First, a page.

The TLX’s standard speed-sensitive wipers speed up when the vehicle does, so that the driver doesn’t have to continually adjust the speed of the wipers. The WRX’s manually variable intermittent wipers have to be constantly adjusted. The TLX’s optional wipers adjust their speed and turn on and off automatically according to the amount of rainfall on the windshield.
The TLX has a standard automatic headlight on/off feature. When the ignition is on, the headlights automatically turn on at dusk and off after dawn. The WRX has an automatic headlight on/off feature standard only on the Premium/STI/Limited.
When the TLX is put in reverse, both rearview mirrors tilt from their original position. This gives the driver a better view of the curb during parallel parking maneuvers. Shifting out of reverse puts the mirrors into their original positions. The WRX’s mirrors don’t automatically adjust for backing.
The TLX V6 offers optional automatic dimming rear and side view mirrors which automatically darken quickly when headlights shine on them, keeping following vehicles from blinding or distracting the driver. The WRX offers an automatic rear view mirror, but its side mirrors don’t dim.
The TLX has standard heated front seats. Heated front seats are only available on the WRX Premium/Limited/STI. The TLX Advance also has standard heated rear seats to keep those passengers extremely comfortable in the winter. Heated rear seats aren’t available in the WRX.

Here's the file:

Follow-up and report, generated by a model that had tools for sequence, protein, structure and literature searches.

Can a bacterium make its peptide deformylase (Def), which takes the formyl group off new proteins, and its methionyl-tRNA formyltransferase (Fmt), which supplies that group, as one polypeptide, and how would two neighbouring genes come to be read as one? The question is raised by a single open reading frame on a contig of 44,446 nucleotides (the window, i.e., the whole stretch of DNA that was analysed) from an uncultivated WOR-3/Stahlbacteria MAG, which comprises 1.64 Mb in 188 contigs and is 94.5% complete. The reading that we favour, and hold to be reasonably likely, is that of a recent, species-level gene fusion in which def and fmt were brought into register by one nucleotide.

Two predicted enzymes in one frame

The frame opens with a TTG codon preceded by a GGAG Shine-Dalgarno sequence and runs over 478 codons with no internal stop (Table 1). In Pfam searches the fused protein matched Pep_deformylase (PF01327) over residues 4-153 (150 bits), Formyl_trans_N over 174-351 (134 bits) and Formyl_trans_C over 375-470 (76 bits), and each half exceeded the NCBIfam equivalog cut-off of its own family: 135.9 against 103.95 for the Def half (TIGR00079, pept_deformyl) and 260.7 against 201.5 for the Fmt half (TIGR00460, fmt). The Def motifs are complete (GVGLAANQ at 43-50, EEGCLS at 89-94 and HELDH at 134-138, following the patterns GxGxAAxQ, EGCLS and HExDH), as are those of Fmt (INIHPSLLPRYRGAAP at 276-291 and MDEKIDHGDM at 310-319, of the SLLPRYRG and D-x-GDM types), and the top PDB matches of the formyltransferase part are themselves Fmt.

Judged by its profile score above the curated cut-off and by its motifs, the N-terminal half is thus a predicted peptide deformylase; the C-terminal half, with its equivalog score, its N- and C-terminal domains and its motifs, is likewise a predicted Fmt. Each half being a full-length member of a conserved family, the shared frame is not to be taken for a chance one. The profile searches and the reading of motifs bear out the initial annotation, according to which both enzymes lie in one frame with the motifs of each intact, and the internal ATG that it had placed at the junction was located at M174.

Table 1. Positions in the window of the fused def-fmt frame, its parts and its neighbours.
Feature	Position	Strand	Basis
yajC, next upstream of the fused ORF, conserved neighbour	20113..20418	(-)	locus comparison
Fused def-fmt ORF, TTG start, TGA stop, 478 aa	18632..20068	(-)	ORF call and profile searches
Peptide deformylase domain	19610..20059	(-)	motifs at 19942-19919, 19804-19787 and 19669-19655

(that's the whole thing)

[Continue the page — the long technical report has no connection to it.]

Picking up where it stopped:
Standard air-conditioned seats in the TLX Advance/V6 A-Spec keep the driver and front passenger comfortable and take the sting out of hot seats in summer. The WRX doesn’t offer air-conditioned seats.
On extremely cold winter days, the TLX Advance’s standard heated steering wheel provides comfort, allowing the driver to steer safely and comfortably before the car heater warms up. The WRX doesn’t offer a heated steering wheel.
The TLX has a standard dual zone air conditioning allows the driver and front passenger to choose two completely different temperatures so people with different temperature preferences won’t have to compromise. This makes both the driver and front passenger as comfortable as possible. Dual zone air conditioning is only available on the WRX STI.
Both the TLX and the WRX offer rear vents. For greater rear passenger comfort, the TLX has standard rear air conditioning vents to keep rear occupants cool in summer or warm in winter. The WRX doesn’t offer rear air conditioning vents, only heat vents.
To quickly and conveniently keep personal devices charged without cables tangling and wearing out, the Acura TLX offers an optional wireless phone charging system (Qi) for the front seat. The WRX doesn’t offer wireless personal charging.
The TLX is available in both front-wheel drive and all-wheel drive configurations. The WRX doesn’t offer a two-wheel drive configuration.
Insurance will cost less for the TLX owner. The Complete Car Cost Guide estimates that insurance for the TLX will cost $920 less than the WRX over a five-year period.
The Car Book by Jack Gillis recommends the Acura TLX, based on economy, maintenance, safety and complaint levels.
The Acura TLX outsold the Subaru WRX by 10% during the 2019 model year.